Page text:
I'd like to tell you, this comes from our Chairman of the Joint Chief of Staff, General Joe Dunford. He's known as "Fighting Joe." He knows about the spirit of finding men and women. The dedication, commitment and camaraderie of the Romanian soldiers has not been unnoticed by the United States military. Their bravery, professionalism and warrior spirit that has left an unforgettable impression on all American soldiers, sailors, airmen and marines who have had the good fortune to serve alongside them.
They knew they could count on their Romanian brothers in arms when things went bad. And when things bad, Romanian warriors also left an unforgettable impression on their enemies who had the bad fortune of meeting them on the battlefield. As an old Marine might say, there's no better friend and no worse enemy than the Romanian armed forces.
From that sentiment, on behalf of Secretary of Defense Carter, Chairman of the Joint Chiefs of Staff, General Joe Dunford, myself, all of the men and women who serve in the United States military and Department of Defense and all American citizens, I want to express my deepest condolences for the loss of the two Romanian soldiers in Afghanistan last Saturday.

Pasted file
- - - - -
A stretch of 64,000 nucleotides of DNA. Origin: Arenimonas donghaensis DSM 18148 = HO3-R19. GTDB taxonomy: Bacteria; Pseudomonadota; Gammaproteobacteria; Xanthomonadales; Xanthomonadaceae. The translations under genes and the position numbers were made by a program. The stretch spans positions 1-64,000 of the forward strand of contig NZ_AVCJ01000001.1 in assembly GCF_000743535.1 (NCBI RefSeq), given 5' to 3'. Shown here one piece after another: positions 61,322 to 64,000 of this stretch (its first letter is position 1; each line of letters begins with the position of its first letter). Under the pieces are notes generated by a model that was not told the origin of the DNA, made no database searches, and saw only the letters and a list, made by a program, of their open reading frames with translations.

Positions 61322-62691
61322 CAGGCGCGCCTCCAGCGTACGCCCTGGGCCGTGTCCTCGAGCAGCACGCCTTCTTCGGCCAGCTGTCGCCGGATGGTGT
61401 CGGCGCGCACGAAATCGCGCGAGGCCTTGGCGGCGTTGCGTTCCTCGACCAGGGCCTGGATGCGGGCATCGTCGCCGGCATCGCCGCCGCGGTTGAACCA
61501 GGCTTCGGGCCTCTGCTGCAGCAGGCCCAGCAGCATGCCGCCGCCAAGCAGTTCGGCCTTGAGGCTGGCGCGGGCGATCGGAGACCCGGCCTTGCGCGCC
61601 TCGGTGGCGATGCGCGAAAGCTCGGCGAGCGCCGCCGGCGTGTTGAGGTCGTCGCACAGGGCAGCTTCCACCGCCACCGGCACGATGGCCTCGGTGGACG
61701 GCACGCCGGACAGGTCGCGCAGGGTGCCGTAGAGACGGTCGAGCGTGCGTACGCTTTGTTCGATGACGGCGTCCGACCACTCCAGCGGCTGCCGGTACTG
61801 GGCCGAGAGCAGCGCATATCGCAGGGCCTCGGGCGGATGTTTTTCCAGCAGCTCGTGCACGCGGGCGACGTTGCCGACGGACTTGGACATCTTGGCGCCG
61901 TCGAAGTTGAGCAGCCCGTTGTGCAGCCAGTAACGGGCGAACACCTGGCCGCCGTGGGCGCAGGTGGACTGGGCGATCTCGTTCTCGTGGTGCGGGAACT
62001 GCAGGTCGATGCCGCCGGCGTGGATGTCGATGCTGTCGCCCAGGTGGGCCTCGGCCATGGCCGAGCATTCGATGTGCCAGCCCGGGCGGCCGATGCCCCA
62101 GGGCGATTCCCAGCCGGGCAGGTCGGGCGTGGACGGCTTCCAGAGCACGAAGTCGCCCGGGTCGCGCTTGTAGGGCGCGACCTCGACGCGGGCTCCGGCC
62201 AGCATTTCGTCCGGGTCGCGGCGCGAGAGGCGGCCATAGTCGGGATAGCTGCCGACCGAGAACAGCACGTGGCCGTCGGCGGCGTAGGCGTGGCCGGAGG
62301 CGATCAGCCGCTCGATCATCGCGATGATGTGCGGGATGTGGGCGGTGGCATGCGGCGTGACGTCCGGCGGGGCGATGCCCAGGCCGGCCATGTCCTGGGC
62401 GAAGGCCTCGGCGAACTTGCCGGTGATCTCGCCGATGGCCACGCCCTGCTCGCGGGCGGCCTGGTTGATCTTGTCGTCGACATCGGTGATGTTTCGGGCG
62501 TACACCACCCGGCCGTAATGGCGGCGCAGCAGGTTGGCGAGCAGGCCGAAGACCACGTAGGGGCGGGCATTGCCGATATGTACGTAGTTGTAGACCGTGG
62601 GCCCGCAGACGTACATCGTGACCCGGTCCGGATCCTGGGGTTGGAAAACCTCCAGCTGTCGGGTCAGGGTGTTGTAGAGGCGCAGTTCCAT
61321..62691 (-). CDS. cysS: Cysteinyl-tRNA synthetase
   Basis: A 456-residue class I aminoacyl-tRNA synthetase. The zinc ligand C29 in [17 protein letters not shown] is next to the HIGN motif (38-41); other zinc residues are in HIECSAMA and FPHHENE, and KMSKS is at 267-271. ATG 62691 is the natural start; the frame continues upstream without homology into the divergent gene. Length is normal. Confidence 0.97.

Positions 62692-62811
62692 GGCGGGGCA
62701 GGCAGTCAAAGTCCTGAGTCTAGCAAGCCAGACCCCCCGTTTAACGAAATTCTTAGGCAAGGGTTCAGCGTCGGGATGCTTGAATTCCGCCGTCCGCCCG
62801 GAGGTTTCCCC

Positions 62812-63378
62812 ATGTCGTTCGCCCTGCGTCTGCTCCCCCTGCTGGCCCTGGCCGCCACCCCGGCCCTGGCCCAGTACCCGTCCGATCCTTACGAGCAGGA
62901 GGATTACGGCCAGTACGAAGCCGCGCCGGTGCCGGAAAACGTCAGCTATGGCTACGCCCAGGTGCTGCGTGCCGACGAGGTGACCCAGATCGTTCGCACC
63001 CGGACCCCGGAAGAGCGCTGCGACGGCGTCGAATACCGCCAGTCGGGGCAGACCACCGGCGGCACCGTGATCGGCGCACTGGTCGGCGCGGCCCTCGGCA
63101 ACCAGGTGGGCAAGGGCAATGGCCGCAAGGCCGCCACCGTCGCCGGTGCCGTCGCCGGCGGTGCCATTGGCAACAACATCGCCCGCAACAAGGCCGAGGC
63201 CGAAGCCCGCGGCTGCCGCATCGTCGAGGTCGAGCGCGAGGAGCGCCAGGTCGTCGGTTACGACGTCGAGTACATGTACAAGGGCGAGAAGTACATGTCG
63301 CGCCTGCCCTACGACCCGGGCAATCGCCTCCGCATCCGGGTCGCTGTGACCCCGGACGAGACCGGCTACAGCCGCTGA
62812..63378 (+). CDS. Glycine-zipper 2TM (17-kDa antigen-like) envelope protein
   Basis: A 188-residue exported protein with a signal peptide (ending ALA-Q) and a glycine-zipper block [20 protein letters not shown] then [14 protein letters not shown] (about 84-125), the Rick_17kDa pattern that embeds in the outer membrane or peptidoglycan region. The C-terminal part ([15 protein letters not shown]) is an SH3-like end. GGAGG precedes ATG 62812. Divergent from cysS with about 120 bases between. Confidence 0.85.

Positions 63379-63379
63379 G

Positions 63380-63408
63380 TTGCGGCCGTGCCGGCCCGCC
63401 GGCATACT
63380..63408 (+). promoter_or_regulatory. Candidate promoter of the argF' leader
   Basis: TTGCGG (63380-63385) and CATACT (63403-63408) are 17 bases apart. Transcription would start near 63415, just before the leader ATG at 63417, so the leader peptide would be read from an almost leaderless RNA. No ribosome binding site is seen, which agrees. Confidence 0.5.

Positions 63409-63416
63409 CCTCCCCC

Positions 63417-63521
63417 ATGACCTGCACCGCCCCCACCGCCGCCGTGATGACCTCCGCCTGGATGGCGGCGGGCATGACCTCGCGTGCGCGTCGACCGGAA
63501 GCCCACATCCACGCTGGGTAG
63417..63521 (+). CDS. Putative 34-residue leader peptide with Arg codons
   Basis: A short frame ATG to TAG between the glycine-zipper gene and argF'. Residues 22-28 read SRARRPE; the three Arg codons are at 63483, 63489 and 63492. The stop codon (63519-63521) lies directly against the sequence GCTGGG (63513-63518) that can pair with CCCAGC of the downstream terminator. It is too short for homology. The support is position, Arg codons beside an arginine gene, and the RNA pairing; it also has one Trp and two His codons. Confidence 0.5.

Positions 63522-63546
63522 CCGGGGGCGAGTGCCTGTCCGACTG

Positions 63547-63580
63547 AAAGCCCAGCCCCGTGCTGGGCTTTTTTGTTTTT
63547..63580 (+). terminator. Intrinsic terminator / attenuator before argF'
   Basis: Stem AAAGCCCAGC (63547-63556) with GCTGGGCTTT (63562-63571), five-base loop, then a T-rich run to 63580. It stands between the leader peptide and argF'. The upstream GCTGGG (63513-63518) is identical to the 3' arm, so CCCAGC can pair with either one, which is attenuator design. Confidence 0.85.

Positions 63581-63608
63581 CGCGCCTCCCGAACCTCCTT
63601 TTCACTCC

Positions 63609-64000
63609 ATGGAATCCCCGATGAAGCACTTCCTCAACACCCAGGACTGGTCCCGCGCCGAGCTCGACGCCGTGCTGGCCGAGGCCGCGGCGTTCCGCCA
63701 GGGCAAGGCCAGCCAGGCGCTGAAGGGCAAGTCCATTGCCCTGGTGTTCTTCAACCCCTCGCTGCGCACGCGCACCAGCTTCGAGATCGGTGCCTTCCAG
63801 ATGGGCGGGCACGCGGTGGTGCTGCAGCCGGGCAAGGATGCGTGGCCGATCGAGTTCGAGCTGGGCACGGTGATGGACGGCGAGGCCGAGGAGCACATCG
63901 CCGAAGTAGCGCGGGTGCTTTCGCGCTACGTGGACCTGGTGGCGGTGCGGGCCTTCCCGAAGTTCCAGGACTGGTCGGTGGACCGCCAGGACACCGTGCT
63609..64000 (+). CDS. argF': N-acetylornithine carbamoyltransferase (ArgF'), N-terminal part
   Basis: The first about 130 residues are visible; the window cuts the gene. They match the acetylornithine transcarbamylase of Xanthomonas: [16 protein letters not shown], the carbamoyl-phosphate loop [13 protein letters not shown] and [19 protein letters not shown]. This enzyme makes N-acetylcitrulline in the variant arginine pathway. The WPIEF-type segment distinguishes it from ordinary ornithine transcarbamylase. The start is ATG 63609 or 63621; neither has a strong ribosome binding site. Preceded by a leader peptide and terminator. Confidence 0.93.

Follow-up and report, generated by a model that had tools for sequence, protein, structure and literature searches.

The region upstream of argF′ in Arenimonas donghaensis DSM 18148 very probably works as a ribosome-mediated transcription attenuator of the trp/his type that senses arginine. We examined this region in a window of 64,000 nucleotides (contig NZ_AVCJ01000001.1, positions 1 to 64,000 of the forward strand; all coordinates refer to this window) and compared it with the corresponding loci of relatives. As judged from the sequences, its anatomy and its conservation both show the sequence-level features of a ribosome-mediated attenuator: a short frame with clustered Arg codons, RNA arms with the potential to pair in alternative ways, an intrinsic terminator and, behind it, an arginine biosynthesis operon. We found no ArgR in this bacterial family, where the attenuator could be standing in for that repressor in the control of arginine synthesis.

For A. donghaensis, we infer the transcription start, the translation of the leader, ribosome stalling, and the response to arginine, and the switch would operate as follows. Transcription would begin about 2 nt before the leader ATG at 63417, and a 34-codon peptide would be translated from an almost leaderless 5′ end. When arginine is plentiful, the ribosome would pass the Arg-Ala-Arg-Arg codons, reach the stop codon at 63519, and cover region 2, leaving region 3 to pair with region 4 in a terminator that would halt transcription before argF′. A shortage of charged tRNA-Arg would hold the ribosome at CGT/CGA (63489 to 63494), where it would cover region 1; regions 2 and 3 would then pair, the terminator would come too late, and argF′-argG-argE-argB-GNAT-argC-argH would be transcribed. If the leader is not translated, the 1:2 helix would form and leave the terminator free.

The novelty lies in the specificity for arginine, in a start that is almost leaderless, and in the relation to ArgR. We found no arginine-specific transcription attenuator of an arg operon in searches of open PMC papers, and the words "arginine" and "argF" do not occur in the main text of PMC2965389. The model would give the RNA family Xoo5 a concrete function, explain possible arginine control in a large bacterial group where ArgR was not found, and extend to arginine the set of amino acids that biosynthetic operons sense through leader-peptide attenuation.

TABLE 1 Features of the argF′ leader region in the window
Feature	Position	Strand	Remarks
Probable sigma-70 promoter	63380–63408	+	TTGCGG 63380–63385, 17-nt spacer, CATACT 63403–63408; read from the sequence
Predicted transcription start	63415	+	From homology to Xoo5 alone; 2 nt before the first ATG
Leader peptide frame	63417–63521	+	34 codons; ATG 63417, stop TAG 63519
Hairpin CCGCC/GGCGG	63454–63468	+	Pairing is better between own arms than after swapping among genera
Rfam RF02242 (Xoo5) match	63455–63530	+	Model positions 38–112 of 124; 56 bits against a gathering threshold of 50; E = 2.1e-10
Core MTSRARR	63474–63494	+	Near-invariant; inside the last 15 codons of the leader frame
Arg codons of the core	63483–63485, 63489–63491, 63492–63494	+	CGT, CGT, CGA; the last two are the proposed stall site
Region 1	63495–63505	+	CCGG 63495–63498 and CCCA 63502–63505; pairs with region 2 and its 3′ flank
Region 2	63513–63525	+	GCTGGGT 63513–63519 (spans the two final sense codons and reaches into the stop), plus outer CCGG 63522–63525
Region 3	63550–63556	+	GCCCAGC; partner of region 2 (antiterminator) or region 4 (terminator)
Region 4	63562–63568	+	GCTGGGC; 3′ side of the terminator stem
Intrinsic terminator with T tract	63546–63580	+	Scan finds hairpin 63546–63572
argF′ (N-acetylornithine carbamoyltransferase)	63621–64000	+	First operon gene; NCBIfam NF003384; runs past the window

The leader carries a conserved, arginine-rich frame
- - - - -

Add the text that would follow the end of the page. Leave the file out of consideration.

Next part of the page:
Over the 24th and 25th soldiers that Romania has lost in these wars, along with 132 men [injured] – who were all sons or husbands or fathers. The United States will never forget their bravery and sacrifice.
Romanian solders will fight in the great spirit of the Romanian people, who have welcomed and shown such incredible hospitality to our United States service personnel at this site and throughout your country.
It has hosted hundreds of U.S. troops whose deployment was made possible by the European Phased Adaptive Approach (EPAA). M.K. Air Base, as you all know, serves as a hub for operation Atlantic Resolve, and previously it was a critical checkpoint for U.S. troops coming into and out of Afghanistan.
Once again, we are just so very grateful Mr. Prime Minister, to Romania's steadfast commitment to our bilateral partnership and to all its NATO allies.
But as people have already said and as you know, we are here to celebrate another important endeavor in U.S.-Romanian relationship – this AEGIS Ashore missile site. As long as Iran continues to develop and deploy ballistic missiles, the United States will work with our allies and partners to defend NATO and its allies against this threat.
As Secretary General Stoltenberg said, neither this site or the site in Poland, has any capability, none whatsoever, to undermine Russia's strategic deterrent. It is a defensive system. It is fully compliant with existing arms control regimes.
NATO, ballistic missile defense serves as a capability to protect the alliance in any ballistic missile threat from outside the Euro-Atlantic area.